Can Gawker's New Content Approach Really Be Called Ecommerce?
By David A. Utter
At the time I'm writing this, the front page of chatty news and gossip site Gawker has singer Beyonce on display, the headline "Beautiful Liar" superimposed over her image. The issue of did she or didn't she lip-sync at President Obama's inauguration remains up for discussion, though evidence seems to indicate the performer mouthed the words to the National Anthem.
I don't know about you but my heart is full of forgiveness. Really. But enough about celebrity. Behind the cheeky facade of Gawker rests the heart of true capitalism. Gawker's top man Nick Denton dropped a memo on the denizens of his empire, one that AdAge picked up and placed on display.
Denton expects his Gawker Media fiefdom to generate at least 10 percent of its 2013 revenue via ecommerce. So far their earliest effort looks a lot like one attempted by scores of people seeking the dream of online revenue - affiliate links to products on Amazon.com.
"We're reaching for 40% revenue growth this year, an acceleration from 26% in 2012. We had six clients spend over $1m with us last year," Denton's memo said. And judging by one job ad posted by Gawker, it looks like content marketing will be the engine driving their efforts.
It appears Denton's strategy will hinge on what's been dubbed "commerce content" in that job posting. The lucky candidate will be helping to build "shopping verticals across the Gawker Media properties":
What is Commerce Content?
It's a brand new thing that merges writing and product curation. Most importantly, it adds value to our readers lives. So commerce content includes everything from posts about the cheapest deal on something our readers need to introducing them to new things they've never seen. It's a new type of service journalism. And yes, we generate revenue when products sell.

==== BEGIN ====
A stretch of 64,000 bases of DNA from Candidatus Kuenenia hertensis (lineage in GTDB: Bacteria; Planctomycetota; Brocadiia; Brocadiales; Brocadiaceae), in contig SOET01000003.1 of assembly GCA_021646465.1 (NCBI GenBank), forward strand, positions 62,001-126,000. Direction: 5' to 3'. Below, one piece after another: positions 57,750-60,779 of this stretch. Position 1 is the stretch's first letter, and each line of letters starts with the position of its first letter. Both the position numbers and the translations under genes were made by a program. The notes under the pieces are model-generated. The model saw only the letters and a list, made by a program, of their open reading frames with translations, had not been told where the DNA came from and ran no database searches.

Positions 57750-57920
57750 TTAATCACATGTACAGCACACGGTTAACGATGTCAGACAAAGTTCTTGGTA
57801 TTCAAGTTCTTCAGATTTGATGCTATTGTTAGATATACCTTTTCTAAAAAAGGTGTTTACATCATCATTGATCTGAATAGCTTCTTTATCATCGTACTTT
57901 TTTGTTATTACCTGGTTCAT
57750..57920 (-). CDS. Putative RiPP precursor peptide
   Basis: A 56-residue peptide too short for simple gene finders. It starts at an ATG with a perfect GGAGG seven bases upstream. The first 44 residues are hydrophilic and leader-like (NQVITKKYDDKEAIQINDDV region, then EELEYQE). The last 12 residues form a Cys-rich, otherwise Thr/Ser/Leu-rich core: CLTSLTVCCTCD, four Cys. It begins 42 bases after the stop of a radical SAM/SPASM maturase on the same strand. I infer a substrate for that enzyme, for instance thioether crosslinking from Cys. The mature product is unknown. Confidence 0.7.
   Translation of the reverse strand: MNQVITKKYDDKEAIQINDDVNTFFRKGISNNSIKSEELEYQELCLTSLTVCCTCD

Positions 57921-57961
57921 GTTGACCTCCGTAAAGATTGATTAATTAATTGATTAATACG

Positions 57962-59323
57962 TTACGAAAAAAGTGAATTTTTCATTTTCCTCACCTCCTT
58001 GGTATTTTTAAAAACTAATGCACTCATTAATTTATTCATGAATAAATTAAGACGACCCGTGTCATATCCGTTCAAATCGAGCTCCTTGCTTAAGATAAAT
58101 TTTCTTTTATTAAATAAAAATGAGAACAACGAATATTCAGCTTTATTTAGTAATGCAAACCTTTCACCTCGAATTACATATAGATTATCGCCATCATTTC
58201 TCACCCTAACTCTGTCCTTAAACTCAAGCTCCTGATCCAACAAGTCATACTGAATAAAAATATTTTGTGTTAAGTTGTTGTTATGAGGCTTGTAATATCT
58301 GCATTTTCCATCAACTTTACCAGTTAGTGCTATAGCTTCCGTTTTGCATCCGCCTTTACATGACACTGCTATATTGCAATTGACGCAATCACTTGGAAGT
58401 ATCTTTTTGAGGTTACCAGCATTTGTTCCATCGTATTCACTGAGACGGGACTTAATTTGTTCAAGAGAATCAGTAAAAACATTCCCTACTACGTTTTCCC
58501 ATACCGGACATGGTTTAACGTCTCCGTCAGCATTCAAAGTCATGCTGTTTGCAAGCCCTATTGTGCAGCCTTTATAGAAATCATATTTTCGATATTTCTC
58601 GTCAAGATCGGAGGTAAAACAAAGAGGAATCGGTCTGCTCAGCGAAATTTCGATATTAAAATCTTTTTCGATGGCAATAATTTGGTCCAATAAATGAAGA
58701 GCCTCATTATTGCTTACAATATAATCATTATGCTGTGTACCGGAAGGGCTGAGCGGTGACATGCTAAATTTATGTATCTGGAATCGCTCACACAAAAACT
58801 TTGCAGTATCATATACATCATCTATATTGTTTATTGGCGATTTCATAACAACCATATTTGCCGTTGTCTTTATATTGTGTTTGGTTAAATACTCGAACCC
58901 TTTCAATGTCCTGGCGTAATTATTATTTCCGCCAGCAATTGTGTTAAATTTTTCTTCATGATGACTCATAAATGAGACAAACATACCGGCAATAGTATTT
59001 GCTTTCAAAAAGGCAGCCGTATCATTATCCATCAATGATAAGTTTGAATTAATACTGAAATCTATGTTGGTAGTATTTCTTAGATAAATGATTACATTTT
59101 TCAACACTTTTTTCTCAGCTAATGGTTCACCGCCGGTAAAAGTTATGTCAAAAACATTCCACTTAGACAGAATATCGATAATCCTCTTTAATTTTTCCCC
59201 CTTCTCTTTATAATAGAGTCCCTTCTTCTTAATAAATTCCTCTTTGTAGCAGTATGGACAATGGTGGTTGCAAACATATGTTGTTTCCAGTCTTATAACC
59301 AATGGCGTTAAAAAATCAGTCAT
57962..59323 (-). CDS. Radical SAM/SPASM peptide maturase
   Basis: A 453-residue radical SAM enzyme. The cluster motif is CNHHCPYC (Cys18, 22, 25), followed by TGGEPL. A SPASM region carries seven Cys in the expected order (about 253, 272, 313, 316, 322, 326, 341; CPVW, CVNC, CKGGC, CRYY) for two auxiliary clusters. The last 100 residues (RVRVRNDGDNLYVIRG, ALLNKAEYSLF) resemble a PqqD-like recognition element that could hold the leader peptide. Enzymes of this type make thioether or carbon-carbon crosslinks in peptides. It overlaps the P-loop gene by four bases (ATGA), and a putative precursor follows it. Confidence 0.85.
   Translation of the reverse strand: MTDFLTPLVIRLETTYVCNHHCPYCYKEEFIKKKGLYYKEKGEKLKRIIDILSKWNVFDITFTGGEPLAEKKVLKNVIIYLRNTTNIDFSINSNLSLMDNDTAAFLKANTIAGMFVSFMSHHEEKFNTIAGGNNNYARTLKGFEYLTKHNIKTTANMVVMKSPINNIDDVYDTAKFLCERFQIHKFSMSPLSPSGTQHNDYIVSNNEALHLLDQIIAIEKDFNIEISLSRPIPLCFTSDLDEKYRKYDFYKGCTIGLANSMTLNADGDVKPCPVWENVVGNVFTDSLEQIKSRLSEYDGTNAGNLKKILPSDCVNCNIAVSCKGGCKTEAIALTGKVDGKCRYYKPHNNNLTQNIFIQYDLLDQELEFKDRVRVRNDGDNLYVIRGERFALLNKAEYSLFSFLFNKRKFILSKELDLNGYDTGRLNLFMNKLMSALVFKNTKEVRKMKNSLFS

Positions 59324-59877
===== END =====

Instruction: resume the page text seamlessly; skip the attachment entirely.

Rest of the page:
Gawker holds an Alexa rank of 350 in the U.S. There's plenty of urban appeal, with Alexa noting "the site is particularly highly ranked in the cities of New York (#164), San Francisco (#203), and Washington (DC) (#241). Visitors to it spend roughly 84 seconds on each pageview and a total of four minutes on the site during each visit."
With someone like Denton making a big bet on content marketing and "product curation" we have to wonder if ecommerce pros who read us also plan to implement such efforts. Is it time to worry less about search results and more about a better user experience with whatever one has up for sale?
About the author:
David A. Utter is a freelance writer based in Lexington, KY. He has covered technology topics from search to security to online business and has been quoted in places like ZDNet and BusinessWeek. He considers his appearance on NPR's "All Things Considered" with long-time host Robert Siegel a delightful highlight. Send your tips to email@example.com and find him on Twitter @davidautter and on LinkedIn.
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